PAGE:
on his work that all the other things in his life just
fell by the wayside. That was the result of the genius
of the artist."
and Marsha are delighted by the enduring popularity
of Richard's work, as well as the inspiration artists
and illustrators the world over continue to take from
it. Their support of (and contribution to) this website
mean the world to me.
for everything you've done for Richard," Michael told
me. "You're part of Richard's renaissance."
always admired Richard Amsel's work, and after talking
to those who knew him, I can now admire the man. Certainly
I'd value the opportunity to hear from others who knew
him; I'd be glad to include their comments here.
Edward Byrd reflected in an email:
was my art hero, a true A-Team player. I always
considered myself on the B-Team, so to speak, a
modest talent with a modest success. And, oddly,
Richard Amsel is the only illustrator I have known
socially, except for my first student at Pratt Institute,
Frank Verlizzo, who became a great Broadway Poster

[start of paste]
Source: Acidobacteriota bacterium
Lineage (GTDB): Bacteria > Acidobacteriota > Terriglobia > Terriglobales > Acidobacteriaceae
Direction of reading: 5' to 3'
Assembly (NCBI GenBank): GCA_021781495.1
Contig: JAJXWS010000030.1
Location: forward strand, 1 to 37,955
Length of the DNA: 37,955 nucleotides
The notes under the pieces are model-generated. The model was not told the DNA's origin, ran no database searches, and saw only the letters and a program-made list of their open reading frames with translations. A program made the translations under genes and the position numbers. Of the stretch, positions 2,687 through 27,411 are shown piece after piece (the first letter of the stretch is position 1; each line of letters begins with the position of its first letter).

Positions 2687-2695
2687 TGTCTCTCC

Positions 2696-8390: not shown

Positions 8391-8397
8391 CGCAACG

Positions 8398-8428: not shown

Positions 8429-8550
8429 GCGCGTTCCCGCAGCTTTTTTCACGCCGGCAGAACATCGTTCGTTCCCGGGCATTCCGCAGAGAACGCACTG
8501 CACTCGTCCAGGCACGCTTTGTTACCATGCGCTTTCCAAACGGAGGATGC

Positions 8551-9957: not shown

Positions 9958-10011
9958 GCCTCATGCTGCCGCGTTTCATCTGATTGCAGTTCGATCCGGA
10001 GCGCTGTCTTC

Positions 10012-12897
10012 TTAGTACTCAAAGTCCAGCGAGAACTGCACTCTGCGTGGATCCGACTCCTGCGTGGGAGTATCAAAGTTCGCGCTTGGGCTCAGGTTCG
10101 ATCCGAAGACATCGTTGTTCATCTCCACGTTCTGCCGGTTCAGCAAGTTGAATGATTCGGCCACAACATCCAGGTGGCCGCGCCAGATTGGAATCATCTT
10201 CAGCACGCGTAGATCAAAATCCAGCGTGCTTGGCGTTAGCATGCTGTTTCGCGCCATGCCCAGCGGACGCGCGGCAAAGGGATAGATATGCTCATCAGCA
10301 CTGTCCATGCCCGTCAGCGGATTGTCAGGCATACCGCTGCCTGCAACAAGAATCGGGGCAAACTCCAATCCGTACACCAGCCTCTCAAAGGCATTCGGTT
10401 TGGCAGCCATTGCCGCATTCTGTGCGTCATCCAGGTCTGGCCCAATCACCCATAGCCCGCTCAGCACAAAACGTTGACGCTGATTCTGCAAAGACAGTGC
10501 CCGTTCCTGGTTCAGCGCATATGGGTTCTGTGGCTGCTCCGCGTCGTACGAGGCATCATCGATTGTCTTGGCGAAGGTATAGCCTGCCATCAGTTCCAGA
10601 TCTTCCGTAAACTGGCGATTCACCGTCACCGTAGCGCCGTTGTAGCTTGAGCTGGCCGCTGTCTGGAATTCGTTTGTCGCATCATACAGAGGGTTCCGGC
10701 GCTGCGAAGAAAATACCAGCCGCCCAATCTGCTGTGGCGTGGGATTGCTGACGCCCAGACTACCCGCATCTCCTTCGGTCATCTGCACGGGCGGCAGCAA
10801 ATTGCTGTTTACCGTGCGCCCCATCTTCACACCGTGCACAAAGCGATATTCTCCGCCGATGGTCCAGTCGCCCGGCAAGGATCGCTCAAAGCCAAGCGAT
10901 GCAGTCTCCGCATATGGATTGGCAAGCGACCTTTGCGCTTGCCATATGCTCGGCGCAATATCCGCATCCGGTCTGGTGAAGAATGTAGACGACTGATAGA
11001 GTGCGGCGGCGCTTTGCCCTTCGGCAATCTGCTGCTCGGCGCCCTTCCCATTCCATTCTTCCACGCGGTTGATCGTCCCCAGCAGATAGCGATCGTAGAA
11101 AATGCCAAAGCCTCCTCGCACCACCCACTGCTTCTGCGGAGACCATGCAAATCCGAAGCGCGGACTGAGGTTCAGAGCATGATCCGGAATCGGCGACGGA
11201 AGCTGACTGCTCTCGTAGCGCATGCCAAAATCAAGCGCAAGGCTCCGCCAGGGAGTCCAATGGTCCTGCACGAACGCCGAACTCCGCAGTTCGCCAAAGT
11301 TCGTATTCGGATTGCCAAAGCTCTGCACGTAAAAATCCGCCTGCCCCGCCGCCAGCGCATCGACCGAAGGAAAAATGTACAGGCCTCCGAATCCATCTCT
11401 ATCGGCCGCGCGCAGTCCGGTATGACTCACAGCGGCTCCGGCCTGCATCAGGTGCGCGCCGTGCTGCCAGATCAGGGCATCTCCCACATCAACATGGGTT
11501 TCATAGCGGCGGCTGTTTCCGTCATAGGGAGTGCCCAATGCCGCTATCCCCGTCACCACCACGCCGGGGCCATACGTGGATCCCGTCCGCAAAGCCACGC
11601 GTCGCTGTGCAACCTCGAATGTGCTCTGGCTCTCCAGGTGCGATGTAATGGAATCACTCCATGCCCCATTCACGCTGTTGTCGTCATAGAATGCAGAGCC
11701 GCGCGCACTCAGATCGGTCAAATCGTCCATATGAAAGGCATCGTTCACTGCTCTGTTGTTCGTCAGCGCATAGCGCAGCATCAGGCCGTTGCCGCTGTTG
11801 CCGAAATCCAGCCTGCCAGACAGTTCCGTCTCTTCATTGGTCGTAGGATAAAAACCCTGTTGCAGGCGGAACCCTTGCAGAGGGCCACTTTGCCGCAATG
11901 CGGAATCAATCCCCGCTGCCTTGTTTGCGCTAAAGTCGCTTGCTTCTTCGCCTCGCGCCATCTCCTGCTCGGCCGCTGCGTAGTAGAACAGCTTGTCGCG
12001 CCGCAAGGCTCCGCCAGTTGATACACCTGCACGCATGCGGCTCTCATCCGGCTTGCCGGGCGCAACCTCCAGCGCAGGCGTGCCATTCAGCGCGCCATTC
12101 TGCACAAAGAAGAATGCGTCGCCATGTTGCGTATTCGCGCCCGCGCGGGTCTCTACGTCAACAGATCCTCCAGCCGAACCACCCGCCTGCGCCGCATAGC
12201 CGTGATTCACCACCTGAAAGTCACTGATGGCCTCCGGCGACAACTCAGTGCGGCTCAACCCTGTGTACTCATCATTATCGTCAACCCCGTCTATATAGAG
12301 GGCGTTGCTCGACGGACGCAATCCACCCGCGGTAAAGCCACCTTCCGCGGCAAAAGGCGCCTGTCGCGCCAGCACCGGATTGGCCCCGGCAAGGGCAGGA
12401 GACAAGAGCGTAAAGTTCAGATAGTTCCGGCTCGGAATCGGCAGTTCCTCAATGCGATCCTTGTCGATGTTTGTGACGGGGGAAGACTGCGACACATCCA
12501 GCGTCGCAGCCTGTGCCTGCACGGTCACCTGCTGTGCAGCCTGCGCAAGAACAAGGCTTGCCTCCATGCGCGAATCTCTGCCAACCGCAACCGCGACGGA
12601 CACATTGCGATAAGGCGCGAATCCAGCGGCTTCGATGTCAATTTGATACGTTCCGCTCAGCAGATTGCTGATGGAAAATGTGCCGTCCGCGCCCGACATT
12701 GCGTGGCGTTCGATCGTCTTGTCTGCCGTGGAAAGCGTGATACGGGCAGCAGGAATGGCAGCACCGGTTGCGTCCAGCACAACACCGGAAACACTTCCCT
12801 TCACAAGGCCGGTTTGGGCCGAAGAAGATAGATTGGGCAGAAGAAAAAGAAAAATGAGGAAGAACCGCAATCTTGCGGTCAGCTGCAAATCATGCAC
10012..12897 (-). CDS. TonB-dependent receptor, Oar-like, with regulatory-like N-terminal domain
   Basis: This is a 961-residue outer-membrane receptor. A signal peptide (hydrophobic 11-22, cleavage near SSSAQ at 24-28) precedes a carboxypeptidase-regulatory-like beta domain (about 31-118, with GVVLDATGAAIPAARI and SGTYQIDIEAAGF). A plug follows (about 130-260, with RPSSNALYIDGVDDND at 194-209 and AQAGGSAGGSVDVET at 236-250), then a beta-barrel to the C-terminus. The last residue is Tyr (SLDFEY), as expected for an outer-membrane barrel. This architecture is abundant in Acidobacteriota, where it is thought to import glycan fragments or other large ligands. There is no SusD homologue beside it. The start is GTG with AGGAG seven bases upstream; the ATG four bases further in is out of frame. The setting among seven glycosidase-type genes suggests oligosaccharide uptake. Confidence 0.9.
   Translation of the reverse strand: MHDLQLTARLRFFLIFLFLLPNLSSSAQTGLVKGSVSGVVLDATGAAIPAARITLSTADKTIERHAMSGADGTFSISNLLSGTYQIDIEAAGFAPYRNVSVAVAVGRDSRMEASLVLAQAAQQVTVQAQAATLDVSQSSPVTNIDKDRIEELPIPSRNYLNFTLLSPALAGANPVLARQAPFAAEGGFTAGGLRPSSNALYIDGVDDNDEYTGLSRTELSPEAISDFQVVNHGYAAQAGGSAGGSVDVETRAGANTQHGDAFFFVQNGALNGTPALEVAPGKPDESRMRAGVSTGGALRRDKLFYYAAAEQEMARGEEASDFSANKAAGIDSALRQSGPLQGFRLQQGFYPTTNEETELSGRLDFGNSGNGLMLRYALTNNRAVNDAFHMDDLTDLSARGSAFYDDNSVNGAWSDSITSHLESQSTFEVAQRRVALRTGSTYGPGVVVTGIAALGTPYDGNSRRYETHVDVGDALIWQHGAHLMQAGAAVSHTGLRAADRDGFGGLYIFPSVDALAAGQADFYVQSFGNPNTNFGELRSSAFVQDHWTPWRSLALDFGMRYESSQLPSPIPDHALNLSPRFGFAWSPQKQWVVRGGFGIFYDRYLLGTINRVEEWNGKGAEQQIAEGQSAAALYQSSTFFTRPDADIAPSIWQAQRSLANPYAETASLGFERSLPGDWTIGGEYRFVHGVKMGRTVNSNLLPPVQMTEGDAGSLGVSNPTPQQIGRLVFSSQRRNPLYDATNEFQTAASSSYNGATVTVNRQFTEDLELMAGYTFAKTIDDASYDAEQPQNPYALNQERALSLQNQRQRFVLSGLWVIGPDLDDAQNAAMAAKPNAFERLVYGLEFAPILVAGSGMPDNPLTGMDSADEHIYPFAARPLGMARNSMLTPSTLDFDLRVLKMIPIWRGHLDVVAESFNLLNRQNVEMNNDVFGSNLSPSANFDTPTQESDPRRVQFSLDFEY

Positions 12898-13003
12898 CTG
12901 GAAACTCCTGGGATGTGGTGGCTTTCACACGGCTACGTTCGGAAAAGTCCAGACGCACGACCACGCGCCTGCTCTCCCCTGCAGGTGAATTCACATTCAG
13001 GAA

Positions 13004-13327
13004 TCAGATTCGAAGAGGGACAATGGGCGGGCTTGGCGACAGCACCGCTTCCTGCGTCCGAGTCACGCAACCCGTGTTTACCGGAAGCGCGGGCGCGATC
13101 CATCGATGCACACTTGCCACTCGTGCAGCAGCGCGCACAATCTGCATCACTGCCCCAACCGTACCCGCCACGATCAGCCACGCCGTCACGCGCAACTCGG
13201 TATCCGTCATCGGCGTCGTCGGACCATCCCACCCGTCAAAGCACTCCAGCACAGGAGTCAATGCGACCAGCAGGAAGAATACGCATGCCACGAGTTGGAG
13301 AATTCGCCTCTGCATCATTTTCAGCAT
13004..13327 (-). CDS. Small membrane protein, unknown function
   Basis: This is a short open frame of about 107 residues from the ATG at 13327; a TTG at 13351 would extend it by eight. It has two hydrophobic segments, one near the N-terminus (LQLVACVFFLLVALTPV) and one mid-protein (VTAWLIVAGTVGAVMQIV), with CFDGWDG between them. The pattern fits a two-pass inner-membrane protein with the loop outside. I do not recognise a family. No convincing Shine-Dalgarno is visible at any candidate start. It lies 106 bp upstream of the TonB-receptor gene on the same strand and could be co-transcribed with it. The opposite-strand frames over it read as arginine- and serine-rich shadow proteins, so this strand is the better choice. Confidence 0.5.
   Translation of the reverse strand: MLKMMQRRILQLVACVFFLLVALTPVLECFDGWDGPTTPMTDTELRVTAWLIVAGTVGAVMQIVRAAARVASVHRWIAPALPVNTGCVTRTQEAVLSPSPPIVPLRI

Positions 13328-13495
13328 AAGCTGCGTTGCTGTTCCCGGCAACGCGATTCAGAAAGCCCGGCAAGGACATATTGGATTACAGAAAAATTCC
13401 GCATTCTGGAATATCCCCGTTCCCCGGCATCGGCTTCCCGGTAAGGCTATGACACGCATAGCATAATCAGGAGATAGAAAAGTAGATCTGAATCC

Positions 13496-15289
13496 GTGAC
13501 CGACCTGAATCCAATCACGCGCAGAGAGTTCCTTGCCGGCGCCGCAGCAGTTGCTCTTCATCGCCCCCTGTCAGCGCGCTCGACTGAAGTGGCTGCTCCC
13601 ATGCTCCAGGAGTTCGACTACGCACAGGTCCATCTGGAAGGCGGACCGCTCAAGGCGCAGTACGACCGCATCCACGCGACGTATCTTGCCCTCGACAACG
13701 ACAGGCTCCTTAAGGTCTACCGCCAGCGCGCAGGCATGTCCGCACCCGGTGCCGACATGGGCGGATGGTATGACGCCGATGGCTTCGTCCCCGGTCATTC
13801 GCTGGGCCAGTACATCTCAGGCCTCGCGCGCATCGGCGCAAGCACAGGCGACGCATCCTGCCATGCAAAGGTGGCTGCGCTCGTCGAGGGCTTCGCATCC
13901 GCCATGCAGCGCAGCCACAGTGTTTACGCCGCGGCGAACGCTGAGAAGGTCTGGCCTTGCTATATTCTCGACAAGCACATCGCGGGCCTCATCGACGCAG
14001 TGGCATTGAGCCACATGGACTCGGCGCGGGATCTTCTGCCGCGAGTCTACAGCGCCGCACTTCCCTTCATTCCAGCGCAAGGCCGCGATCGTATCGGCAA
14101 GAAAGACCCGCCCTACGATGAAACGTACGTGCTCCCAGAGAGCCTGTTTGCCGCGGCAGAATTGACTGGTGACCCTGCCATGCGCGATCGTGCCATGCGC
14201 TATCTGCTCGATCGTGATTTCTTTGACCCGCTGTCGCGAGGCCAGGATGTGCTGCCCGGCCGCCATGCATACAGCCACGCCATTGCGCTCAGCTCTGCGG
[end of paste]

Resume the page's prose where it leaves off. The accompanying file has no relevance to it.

am forever in awe of his (Richard's) ability to
draw in any style. In even the tiniest sketch, the
likeness of the person is there.
death may have been tragic, but his life assuredly was
not. In spite of his absence, let us simply give thanks
for those magical things about him that were left to
what great work it is! It is silent, yet speaks volumes.
It is clever and romantic, sometimes tacky and fanciful.
It is often striking and it is always gorgeous.
a look at some of the images here. Study them; imagine
how they came to be before the use of colored
pixels and stylus pens. These are not just polished
illustrations, they are true works of art...the labors
of a true artist. They've excited moviegoers and inspired
new generations of artists and illustrators. I proudly
consider myself among them.
back on his days with Richard Amsel, Byrd said, "We
lived in a time that was more interesting." The
sentiment doesn't surprise me, for interesting times,
I suspect, are largely the result of being in the company
of interesting people.
to you, Richard, wherever you may be.
(c) 2008, 2011 Adam McDaniel.
few days after our phone conversation, I received
an envelope in the mail from Michael Amsel. I
opened it to find an undated sketch that his brother
had done of Marilyn Monroe. I always dreamed of
one day having a Richard Amsel original, but never
thought it'd ever come to pass. Michael proved
me wrong. Dreams, it seems, can indeed come true.